Genre: Action RPG
Release Date: July 19, 2005
Okay, not the most inventive moniker in the world, but what works works.
What we've got here is basically the Gran Turismo of gladiator games. You start out with a nice fresh human being with a basic set of moves. As you go through the game, trying to free him from slavery (hence the game's name), you get to build him up, have him train, eat the right foods, get his sleep, equip him with just about any weapon you could desire, and, most importantly, make him fight. Fight hard. Push him as much as you can, and then push him harder. Through these actions, and through the rewards gained by these actions, you can make him into an even better, more effective and fun fighter to use, and even gain a hefty amount of pocket change on the side.
Sound fun? Don't worry, I wasn't so sure either until I booted it up. But odds are it'll snatch more playtime from you than you expect.
When you first turn on the game, you're given a generic person to attach a name to. There isn't much in the way of setting aesthetic attributes like in all of those sports games. You just pick a name, (former) occupation, alliance with a god, and go. What makes you so attached to the character, however, is how the storyline to the game constantly revolves around you, so much as to always refer to your character as if it were talking to you. It doesn't sound too original on paper, but many an RPG attempts the "silent first-person protagonist" approach with horrific results; trust me when I say that this one is actually convincing about it.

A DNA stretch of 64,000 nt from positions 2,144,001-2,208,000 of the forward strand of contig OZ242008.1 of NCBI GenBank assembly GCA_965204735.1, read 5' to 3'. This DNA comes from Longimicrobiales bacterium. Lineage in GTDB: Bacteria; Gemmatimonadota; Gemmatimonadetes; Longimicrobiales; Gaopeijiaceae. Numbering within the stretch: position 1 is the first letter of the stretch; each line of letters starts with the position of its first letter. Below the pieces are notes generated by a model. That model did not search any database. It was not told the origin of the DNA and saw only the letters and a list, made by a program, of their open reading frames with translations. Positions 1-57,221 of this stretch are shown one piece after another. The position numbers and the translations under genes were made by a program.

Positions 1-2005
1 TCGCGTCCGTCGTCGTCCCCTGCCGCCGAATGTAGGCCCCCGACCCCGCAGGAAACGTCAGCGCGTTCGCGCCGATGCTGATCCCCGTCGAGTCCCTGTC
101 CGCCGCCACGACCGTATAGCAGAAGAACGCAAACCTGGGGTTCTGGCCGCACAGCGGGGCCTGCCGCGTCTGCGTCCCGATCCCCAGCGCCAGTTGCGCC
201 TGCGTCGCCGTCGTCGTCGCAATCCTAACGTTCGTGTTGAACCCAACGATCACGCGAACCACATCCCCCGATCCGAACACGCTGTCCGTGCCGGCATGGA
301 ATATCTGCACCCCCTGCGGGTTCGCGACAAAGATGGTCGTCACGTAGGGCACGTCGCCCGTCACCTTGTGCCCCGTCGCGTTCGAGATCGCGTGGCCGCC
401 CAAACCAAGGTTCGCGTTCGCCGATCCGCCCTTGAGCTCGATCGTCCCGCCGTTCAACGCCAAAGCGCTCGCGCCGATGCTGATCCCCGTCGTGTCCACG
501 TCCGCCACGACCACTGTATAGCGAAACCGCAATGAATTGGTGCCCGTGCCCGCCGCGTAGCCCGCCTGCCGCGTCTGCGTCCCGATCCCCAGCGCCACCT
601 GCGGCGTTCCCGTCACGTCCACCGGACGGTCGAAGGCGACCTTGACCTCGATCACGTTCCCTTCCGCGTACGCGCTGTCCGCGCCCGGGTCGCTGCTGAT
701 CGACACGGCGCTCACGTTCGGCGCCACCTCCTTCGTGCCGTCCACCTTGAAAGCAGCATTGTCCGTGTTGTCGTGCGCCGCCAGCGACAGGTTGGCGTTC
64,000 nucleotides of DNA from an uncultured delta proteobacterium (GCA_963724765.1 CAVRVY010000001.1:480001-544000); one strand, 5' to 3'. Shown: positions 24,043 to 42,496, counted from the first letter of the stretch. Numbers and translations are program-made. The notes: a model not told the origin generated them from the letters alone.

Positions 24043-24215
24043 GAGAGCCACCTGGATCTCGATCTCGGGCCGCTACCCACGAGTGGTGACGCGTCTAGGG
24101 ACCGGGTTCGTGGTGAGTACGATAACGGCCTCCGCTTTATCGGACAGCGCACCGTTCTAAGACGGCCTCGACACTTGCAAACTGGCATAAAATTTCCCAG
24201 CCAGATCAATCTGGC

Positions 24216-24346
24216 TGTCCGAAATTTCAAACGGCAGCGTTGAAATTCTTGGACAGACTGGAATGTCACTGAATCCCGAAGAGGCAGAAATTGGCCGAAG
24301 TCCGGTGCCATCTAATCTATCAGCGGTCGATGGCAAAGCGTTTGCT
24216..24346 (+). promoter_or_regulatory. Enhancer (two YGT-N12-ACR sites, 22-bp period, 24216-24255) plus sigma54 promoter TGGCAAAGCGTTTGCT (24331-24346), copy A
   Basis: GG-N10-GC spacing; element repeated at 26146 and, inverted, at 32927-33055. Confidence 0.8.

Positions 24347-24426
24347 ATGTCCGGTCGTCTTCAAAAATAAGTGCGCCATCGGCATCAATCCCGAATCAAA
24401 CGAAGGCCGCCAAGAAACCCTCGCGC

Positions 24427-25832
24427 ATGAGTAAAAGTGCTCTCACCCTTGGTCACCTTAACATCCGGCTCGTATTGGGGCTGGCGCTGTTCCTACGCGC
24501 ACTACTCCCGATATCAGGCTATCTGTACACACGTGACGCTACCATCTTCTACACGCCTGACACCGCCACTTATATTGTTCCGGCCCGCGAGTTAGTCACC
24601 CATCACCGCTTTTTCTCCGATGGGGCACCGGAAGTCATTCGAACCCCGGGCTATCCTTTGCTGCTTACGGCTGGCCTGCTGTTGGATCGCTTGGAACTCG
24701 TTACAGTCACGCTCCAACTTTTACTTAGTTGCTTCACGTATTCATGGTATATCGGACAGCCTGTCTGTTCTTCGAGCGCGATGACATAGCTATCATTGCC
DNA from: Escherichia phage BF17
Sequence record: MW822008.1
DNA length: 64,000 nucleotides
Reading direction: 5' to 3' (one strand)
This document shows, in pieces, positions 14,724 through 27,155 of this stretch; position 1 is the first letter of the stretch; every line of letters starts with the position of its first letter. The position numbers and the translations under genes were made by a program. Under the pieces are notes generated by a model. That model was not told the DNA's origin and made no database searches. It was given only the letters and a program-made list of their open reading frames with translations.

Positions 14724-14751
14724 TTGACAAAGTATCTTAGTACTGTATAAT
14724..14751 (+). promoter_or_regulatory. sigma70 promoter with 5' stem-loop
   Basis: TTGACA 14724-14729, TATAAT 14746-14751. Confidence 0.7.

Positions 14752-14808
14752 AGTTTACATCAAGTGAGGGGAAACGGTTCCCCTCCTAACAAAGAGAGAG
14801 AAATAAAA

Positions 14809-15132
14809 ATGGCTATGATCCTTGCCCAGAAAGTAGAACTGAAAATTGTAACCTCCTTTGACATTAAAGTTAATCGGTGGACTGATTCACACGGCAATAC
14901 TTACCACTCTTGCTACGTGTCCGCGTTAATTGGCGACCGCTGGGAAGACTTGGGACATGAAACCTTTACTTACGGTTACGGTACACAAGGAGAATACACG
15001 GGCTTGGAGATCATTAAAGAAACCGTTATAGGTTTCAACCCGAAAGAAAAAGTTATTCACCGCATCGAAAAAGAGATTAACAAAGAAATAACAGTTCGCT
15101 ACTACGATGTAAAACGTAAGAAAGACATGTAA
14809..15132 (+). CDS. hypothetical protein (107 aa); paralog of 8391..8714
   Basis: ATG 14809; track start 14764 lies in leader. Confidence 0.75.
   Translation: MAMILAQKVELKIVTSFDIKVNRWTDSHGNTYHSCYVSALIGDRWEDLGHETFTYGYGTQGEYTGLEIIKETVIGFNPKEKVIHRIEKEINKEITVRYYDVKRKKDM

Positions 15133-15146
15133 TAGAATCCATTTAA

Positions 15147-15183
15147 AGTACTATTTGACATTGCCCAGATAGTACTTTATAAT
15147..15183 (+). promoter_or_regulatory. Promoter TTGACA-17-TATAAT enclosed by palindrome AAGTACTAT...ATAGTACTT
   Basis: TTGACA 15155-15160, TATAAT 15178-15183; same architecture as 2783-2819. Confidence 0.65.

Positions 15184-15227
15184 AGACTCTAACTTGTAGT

From the get-go, the game actually takes its time setting up a storyline for yourself, and it's not one of the happiest ones, either. You start out as a prisoner/gladiator hopeful (I honestly have no other idea how to phrase it), made to fight, and nothing else. As the days wear on, you're told that salvation lies in being purchased by a Roman slaveholder. Fortunately, it doesn't take long for one to snatch you up. This is all well and good, and your master even says that you can buy your freedom provided you raise enough to pay back the debt you owe him for being bought and "rescued" from a life of monotony and jail cells.
Of course, this is when you find out that said debt is a million in silver, and suddenly, you really wish that Snickers bars existed in Roman times.
There's a way out, though. If you want your money, you can do what you were bought to do, and that's fight. Fight as if your life and freedom and way of life all depend on it… because they do.
Once you know all of this, control of the majority of the game is turned over to you.
A typical day consists of a few things. First you wake up. If you feel like it, you can customize your fighter's statistics, give him some new moves, or mess with existing ones. You do all of this by way of a special screen that keeps track of fighting moves currently assigned to face buttons, and special items which can be recovered in battle and applied to those moves. It's a little daunting for the first five minutes or so, but it's easy to get the hang of, and none of it is there for show. If you're going into a free-for-all melee, the last thing you want is to be loaded down with a bunch of powerful but incredibly slow and vulnerable moves that will put you at a disadvantage. The right abilities need to be equipped for the right job.